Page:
The Sukhoi Civil Aircraft Company (SCAC), manufacturer of Russia’s Sukhoi Superjet 100 (SSJ100) regional airliner, suffered 804.7 million ruble (US$12 million) net losses in the first half of 2018, according to the company’s financial report compiled in accordance with Russian accounting standards.
The company’s financial performance deteriorated by seven per cent compared to the same period last year, although it received a 47 per cent higher turnover, amounting to 16.007 billion rubles, because of a larger number of deliveries in the first half of the year.
Gross profits increased by almost 99 per cent to 2.723 billion rubles, including revenues from aftersales business, which more than doubled to 1.088 billion rubles, as the fleet of SSJ100s in operation grows each year.
SCAC’s long-term debt obligations, as of June 30, stood at 27.153 billion rubles, up 55 per cent on December 31, 2017. In contrast, the company’s short-term liabilities decreased by 23 per cent to 58.728 billion rubles.
The SSJ100’s global market share of deliveries of regional jet airliners was 13 per cent in the first half of this year, down from the peak 18 per cent registered in 2017. The all-time low since the aircraft’s entry into service in 2012 was reported in 2015, when it was 12 per cent. In the first half of this year SCAC delivered eight units, two more than for the same six-month period of 2017. So far this year (to August 17), five aircraft were delivered to Aeroflot, four to Azimuth Airlines, whilst the Thai Royal Air Force received one aircraft in VIP-configuration, SCAC has revealed to Russian Aviation Insider.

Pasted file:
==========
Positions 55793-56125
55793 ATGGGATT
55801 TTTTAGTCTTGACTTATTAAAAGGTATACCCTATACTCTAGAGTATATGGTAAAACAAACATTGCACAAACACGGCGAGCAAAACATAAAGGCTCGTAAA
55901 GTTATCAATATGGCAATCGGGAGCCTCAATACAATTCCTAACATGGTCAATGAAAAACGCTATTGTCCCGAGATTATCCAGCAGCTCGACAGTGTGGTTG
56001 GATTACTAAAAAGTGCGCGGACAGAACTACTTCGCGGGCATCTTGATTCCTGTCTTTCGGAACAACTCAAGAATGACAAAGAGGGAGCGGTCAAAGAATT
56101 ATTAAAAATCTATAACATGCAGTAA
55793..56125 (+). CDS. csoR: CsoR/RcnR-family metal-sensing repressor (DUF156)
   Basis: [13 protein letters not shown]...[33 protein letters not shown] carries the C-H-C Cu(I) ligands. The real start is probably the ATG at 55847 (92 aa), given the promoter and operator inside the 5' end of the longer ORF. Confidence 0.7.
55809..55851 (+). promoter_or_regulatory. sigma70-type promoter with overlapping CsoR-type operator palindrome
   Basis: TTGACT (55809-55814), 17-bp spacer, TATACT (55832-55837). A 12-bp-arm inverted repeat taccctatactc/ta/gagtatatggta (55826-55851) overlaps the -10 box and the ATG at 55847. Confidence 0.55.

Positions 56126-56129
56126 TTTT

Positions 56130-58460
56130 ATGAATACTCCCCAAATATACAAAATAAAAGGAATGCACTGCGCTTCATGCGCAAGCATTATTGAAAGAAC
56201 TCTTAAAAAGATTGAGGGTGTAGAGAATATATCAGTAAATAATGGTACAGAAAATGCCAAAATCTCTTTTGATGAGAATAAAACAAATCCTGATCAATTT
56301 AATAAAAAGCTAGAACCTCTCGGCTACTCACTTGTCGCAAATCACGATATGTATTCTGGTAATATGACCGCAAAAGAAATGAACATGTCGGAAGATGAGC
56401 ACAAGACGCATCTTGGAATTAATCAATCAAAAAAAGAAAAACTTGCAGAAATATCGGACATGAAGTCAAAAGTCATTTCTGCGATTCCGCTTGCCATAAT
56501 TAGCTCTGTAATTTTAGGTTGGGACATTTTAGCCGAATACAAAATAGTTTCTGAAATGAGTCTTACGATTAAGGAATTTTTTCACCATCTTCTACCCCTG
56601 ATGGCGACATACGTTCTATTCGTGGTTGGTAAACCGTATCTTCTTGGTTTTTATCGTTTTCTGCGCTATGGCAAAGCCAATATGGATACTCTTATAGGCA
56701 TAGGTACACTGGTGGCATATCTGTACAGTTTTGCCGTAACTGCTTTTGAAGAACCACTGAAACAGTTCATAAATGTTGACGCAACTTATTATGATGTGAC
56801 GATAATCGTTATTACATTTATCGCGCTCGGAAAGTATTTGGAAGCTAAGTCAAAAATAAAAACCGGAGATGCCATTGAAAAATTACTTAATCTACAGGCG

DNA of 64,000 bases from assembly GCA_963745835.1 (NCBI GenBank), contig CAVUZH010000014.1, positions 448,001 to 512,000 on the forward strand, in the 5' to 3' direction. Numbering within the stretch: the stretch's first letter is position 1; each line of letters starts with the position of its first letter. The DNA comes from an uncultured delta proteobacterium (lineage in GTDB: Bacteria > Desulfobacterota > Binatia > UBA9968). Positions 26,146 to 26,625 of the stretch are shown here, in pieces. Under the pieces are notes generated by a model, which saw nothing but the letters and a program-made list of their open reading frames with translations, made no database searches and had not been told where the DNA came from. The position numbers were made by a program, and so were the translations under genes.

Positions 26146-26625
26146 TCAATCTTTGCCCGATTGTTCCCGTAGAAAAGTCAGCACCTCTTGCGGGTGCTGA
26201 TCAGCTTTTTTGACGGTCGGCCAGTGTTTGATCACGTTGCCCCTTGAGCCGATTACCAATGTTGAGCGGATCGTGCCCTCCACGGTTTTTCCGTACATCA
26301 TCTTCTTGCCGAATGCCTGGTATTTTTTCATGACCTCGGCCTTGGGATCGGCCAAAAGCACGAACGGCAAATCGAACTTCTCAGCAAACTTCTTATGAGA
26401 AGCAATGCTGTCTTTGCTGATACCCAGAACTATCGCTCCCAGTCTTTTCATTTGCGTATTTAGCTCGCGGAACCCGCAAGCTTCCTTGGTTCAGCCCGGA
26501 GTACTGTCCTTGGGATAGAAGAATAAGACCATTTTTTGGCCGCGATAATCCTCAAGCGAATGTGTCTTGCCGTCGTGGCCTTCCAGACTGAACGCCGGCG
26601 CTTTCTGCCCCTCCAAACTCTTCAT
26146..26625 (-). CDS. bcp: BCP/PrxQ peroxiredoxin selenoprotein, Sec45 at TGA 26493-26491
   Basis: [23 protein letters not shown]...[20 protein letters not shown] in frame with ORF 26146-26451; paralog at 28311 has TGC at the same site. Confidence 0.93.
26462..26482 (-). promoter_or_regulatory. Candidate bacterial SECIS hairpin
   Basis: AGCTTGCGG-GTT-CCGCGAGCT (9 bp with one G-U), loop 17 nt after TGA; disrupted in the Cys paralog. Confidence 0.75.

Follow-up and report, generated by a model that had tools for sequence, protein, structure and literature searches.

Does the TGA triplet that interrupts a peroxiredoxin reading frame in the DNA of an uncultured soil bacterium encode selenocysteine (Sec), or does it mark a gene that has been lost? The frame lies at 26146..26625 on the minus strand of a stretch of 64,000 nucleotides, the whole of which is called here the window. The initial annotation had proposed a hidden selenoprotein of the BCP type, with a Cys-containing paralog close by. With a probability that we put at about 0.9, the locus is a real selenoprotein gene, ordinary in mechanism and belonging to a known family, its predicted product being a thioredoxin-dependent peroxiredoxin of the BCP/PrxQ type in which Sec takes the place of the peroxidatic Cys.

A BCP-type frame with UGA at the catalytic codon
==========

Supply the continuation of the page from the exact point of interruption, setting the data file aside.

Russia’s United Aircraft Corporation forecasts that global market demand for new aircraft in the SSJ100’s 60-120-seat segment will reach 4,610 units over the next two decades, of which 205 will be satisfied by Russian operators.
SCAC’s net losses decreased three-fold last year, to 1.101 billion rubles, as its revenues climbed by 18.4 per cent to 55.368 billion.
SCAC president Alexander Rubtsov has told TASS newswire that he does not expect the SSJ100’s break-even point to be reached before 2019 or 2020. To achieve that milestone the original equipment manufacturer would have to produce and sell between 32 and 34 aircraft each year.
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